PharmaSat

Summary

PharmaSat
330070main PreSat Assembly 428-321.jpg
PharmaSat undergoing preflight testing
Mission typeBiological research
OperatorNASA
COSPAR ID2009-028B
SATCAT no.35002
WebsitePharmaSat
Mission duration6 months (planned)
Spacecraft properties
Bus3U CubeSat
ManufacturerNASA Ames Space Center
Launch mass4.5 kg (9.9 lb)
PowerSolar cells and batteries
Start of mission
Launch date19 May 2009, 23:55 UTC[1][2]
RocketMinotaur I
Launch siteMARS, Pad 0B
ContractorOrbital Sciences
End of mission
Decay date14 August 2012
Orbital parameters
Reference systemGeocentric orbit[3]
RegimeLow Earth orbit
Perigee altitude428 km (266 mi)
Apogee altitude466 km (290 mi)
Inclination40.4°
Period93.52 minutes
 

PharmaSat was a nanosatellite developed by NASA Ames Research Center which measured the influence of microgravity upon yeast resistance to an antifungal agent. As a follow on to the GeneSat-1 mission, the Ames Small Spacecraft Division conducted the PharmaSat mission in collaboration with industry and local universities.[4]

PharmaSat was the first nanosatellite to implement biological science guided by its Principal Investigator. The mission was designed to aid the development of medicines or techniques to enable long-term manned space travel and habitation.

Background

The PharmaSat mission builds upon technology demonstrated by GeneSat-1, which used a CubeSat to study microfluidics and optics in the space environment. It was designed to provide life-support, growth, monitoring, and analysis capabilities for microorganisms.

Based, like GeneSat-1, around a three-unit CubeSat platform; PharmaSat was designed to accomplish five functions in an autonomous free-flying platform:[4]

  1. Provide life support and environmental control for growth of the yeast strain in 48 independent microwells;
  2. Dose the growing yeast with antifungal agent at the appropriate point on the growth curve with three distinct, well-defined dosage levels, plus a zero-dose control;
  3. Track the population of the yeast via optical density of each microwell before, during and after antifungal administration;
  4. Determine well-by-well yeast viability at multiple, well-defined times after antifungal administration using a colorimetric reagent, Alamar Blue;
  5. Telemeter the resulting population and viability data to Earth, along with system status data.

Operations

PharmaSat was launched at 23:55 UTC on 19 May 2009 aboard a Minotaur I launch vehicle from Pad 0B at the Mid-Atlantic Regional Spaceport on Wallops Island. PharmaSat was flown as a secondary payload co-manifested with the US Air Force Air Force Research Laboratory's TacSat-3 spacecraft.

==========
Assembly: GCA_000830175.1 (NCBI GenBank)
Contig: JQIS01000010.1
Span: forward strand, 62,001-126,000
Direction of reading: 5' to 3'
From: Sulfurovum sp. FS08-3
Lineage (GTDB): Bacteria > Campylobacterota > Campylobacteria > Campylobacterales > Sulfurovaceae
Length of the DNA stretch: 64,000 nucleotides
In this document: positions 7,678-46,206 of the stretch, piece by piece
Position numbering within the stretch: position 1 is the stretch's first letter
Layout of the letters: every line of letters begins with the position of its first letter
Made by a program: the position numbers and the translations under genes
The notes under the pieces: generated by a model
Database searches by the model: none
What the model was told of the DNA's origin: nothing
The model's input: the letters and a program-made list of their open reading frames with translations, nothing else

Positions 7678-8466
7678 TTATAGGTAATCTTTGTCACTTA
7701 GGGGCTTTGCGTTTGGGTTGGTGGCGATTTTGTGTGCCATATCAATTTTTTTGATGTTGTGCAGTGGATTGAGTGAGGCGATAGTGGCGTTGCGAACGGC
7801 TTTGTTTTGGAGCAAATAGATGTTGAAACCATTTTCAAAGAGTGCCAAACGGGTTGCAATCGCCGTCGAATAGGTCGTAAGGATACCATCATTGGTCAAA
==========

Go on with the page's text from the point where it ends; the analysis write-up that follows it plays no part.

PharmaSat was successfully inserted into a low Earth orbit at approximately 459 km (285 mi) above the Earth, following which it was activated and began transmitting radio signals to two ground control stations. The primary ground station at SRI International in Menlo Park, California, transmitted mission data from the satellite to its operators, while a second station was located at Santa Clara University, whose Robotic Systems Laboratory was responsible for operating the satellite.

After establishing contact the satellite was commanded to initiate its experiment, which lasted 96 hours. Once the experiment began, PharmaSat relayed data in near real-time for up to six months.[5] PharmaSat also carried an amateur radio beacon, with a frequency of 437.465 megahertz, which broadcast spacecraft telemetry. Amateur radio operators were asked to collect data from the spacecraft and provide it to the operators via the Mission Dashboard website.[6]

PharmaSat decayed from orbit and reentered the atmosphere on 14 August 2012.

See also

References

  1. ^ "Minotaur launch delayed again". Retrieved 11 May 2009.
  2. ^ "Launch Log". Jonathan's Space Report. Retrieved 3 January 2014.
  3. ^ "Satellite Catalog". Jonathan's Space Report. Retrieved 3 January 2014.
  4. ^ a b "PharmaSat Nanosatellite" (PDF). 1 April 2009. Retrieved 15 October 2021. Public Domain This article incorporates text from this source, which is in the public domain.
  5. ^ https://www.scu.edu/engineering/labs--research/labs/robotics-systems-lab/
  6. ^ "Archived copy". Archived from the original on 3 May 2009. Retrieved 3 May 2009.CS1 maint: archived copy as title (link)